It was only a matter of time before data-mining technology arrived on college campuses. But rather than go into the benefits and downfalls of this new approach to understanding students’ habits & behaviors, (it’s described in the recent New York Times article “Big Data on Campus,”) I’d like to point out that really valuable data already exists on many college campuses.
It may not be the kind that tells you in real-time when a student drops a class or turns in his or her homework, but it gives colleges and universities valuable insight into students’ behaviors, values and goals. And it doesn’t require the use of elaborate technology or complex software algorithms. Further, many schools already have access to this data.
Sure, this new technology can track individual progress, which is impressive, but national surveys tools offer a complete picture of a school’s student body. Survey data can illuminate all sorts of interesting facts about an institution’s student body, including how well their students are adjusting to their coursework demands; if they feel a strong sense of belonging on campus; if they had considered dropping out of college; if they went into college expecting to switch majors, etc.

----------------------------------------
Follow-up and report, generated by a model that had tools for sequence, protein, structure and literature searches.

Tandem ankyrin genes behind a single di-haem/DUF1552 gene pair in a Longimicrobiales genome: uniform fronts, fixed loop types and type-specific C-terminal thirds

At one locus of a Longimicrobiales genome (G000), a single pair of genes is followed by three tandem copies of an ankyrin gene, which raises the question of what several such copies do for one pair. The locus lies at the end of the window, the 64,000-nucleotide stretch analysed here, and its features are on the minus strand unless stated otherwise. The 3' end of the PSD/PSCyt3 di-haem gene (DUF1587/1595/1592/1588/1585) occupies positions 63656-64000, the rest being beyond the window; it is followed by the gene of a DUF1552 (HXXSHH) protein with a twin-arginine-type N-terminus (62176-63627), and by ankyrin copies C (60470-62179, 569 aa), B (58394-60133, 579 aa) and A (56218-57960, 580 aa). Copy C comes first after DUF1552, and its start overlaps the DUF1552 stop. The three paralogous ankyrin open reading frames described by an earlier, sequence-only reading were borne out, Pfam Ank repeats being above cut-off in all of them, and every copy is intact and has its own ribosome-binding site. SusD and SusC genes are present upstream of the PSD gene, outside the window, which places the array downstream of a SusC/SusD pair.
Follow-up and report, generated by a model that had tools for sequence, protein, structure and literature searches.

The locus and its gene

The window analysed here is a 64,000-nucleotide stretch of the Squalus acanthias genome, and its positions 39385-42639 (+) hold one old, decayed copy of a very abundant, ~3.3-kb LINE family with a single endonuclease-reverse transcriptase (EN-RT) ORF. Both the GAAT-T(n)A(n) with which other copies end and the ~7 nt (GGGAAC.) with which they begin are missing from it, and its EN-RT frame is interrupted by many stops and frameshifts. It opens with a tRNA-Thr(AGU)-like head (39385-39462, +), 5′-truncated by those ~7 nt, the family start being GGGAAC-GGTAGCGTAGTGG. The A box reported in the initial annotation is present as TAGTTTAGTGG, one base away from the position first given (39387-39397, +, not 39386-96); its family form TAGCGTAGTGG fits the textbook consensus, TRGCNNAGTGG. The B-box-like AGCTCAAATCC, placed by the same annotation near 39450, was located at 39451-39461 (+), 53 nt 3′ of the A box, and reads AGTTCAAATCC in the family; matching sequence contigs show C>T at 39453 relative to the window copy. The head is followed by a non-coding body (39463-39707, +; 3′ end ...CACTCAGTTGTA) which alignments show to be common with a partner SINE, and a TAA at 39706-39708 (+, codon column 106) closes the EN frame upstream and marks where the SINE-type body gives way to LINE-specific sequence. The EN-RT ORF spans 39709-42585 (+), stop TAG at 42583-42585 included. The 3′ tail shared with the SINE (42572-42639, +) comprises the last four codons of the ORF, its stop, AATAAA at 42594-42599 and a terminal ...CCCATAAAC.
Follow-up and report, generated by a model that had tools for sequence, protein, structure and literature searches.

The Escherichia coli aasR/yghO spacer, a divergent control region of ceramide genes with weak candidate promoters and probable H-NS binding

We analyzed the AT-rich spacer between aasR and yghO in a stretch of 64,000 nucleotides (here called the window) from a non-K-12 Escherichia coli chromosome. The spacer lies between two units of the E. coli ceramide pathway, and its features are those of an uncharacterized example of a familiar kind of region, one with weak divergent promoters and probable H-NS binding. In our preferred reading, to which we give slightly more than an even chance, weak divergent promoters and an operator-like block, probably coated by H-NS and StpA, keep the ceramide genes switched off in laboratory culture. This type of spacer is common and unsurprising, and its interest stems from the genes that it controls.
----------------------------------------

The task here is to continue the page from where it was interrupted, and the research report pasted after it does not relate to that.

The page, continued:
Many schools have this data, and part of our job is to help schools make use of that data on their campus so that it translates into actionable changes and improvements on campus.
So when we think about adopting these new technologies, let’s not forget the tools that we currently have in place that can do a lot to ensure positive student outcomes, improve retention efforts, programming and campus climate.